Emotet malware infiltrates computers through a network spreader component which consists of several spreader modules. Five known spreader modules power the malware as per the findings of the aforementioned and quoted technical alert:

  • NetPass.exe, a legitimate password recovery tool developed by NirSoft. It can retrieve all passwords stored in a system for a logged-in user, as well as those kept on external drives.
  • WebBrowserPassView, another password recovery tool that operates in most known web browsers. The list includes Google Chrome, Internet Explorer, Mozilla Firefox, Opera, and Safari.
  • MailPassView, a third password recovery tool that gathers information from popular email providers such as Gmail, Microsoft Outlook, Hotmail, Yahoo! Mail, Windows Mail, and Mozilla Thunderbird.
  • Outlook scraper, a malicious utility that scrapes credentials from the users’ Outlook accounts and uses this info to send out further phishing emails.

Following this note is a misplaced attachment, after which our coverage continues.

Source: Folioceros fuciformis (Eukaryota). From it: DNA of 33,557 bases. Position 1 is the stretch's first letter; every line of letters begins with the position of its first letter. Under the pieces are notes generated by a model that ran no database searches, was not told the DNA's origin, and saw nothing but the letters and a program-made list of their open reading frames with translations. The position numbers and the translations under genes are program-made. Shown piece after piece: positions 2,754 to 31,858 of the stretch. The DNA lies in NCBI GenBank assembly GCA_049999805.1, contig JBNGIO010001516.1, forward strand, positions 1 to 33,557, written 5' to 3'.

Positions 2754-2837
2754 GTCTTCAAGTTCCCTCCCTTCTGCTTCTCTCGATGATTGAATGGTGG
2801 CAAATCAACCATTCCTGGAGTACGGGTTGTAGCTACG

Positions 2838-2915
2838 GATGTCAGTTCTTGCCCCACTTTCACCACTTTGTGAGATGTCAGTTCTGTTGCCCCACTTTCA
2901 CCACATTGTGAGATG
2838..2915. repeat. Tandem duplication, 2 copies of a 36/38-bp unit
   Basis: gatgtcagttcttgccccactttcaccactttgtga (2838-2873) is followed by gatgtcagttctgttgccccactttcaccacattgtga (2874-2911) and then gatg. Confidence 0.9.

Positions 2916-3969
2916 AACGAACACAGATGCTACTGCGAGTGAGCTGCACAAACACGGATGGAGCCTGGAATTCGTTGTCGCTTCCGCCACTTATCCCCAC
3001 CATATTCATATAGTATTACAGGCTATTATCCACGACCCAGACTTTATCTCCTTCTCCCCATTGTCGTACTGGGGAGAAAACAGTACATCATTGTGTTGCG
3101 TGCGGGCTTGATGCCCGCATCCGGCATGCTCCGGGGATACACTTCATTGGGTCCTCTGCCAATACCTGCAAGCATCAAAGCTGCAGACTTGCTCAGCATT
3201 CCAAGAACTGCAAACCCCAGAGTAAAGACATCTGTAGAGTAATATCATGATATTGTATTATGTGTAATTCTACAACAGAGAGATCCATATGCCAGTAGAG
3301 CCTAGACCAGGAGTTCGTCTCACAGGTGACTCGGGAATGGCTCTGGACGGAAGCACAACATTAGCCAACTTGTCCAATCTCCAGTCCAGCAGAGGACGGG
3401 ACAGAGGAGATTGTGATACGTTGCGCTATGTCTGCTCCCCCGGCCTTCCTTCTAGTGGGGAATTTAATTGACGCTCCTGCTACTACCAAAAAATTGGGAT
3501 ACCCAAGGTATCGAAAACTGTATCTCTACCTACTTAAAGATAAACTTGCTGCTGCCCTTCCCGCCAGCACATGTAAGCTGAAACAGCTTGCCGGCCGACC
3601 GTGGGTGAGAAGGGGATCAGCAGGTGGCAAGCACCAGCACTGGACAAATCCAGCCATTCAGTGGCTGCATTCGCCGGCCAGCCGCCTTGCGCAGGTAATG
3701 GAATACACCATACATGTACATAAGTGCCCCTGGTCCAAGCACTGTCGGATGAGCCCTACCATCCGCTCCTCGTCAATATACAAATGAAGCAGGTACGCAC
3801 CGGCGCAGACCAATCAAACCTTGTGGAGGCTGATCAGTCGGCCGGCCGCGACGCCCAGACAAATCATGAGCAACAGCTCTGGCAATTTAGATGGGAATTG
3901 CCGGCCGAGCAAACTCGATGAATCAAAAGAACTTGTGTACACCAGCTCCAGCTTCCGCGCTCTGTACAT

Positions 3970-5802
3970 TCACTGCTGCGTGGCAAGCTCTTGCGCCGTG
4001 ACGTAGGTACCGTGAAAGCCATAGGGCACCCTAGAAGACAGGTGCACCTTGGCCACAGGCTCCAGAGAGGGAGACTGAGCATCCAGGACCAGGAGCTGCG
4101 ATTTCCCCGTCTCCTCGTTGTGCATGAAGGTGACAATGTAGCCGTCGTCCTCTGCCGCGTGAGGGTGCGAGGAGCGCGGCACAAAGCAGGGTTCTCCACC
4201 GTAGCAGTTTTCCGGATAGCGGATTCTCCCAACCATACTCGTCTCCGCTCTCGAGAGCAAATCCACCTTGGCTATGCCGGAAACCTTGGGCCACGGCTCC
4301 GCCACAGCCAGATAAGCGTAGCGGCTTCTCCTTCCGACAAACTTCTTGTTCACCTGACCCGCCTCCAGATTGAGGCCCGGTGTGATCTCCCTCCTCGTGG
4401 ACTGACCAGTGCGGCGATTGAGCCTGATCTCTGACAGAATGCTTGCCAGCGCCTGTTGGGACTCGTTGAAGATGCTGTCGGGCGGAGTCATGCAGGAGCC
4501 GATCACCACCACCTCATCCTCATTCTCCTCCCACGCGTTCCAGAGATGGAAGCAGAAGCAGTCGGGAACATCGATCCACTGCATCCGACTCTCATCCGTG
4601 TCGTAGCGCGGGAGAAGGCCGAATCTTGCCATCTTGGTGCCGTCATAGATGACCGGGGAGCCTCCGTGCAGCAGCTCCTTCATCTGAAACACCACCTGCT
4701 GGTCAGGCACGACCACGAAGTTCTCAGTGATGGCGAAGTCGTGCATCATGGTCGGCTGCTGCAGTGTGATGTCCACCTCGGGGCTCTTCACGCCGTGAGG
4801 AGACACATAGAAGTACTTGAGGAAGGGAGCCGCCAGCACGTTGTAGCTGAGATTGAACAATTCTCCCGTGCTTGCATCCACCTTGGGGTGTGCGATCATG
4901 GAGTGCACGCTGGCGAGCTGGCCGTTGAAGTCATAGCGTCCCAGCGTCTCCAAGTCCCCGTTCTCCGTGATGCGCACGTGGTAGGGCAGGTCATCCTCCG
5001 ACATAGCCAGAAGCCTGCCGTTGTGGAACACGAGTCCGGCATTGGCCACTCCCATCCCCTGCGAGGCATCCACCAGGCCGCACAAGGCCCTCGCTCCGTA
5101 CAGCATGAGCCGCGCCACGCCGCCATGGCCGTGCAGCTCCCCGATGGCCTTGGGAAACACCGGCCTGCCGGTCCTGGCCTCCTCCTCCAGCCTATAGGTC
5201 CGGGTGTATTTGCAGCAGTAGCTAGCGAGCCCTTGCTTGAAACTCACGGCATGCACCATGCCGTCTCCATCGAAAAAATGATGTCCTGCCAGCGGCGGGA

• A credential enumerator, which is a self-extracting archived .RAR file composed of a service component and a bypass component. By harnessing information collected by the four modules mentioned above, it either tries to brute force access accounts or locate writable share drives with the help of Server Message Block (SMB). When it eventually finds an available system, it writes the Emotet service component onto the network, which infects the entire disk, according to Heimdalsecurity.

Disruption of EMOTET’s infrastructure

The infrastructure that was used by EMOTET involved several hundreds of servers located across the world, all of these having different functionalities in order to manage the computers of the infected victims, to spread to new ones, to serve other criminal groups, and to ultimately make the network more resilient against takedown attempts.

To severely disrupt the EMOTET infrastructure, law enforcement teamed up together to create an effective operational strategy. It resulted in this week’s action whereby law enforcement and judicial authorities gained control of the infrastructure and took it down from the inside. The infected machines of victims have been redirected towards this law enforcement-controlled infrastructure. This is a unique and new approach to effectively disrupt the activities of the facilitators of cybercrime.

How to prevent Emotet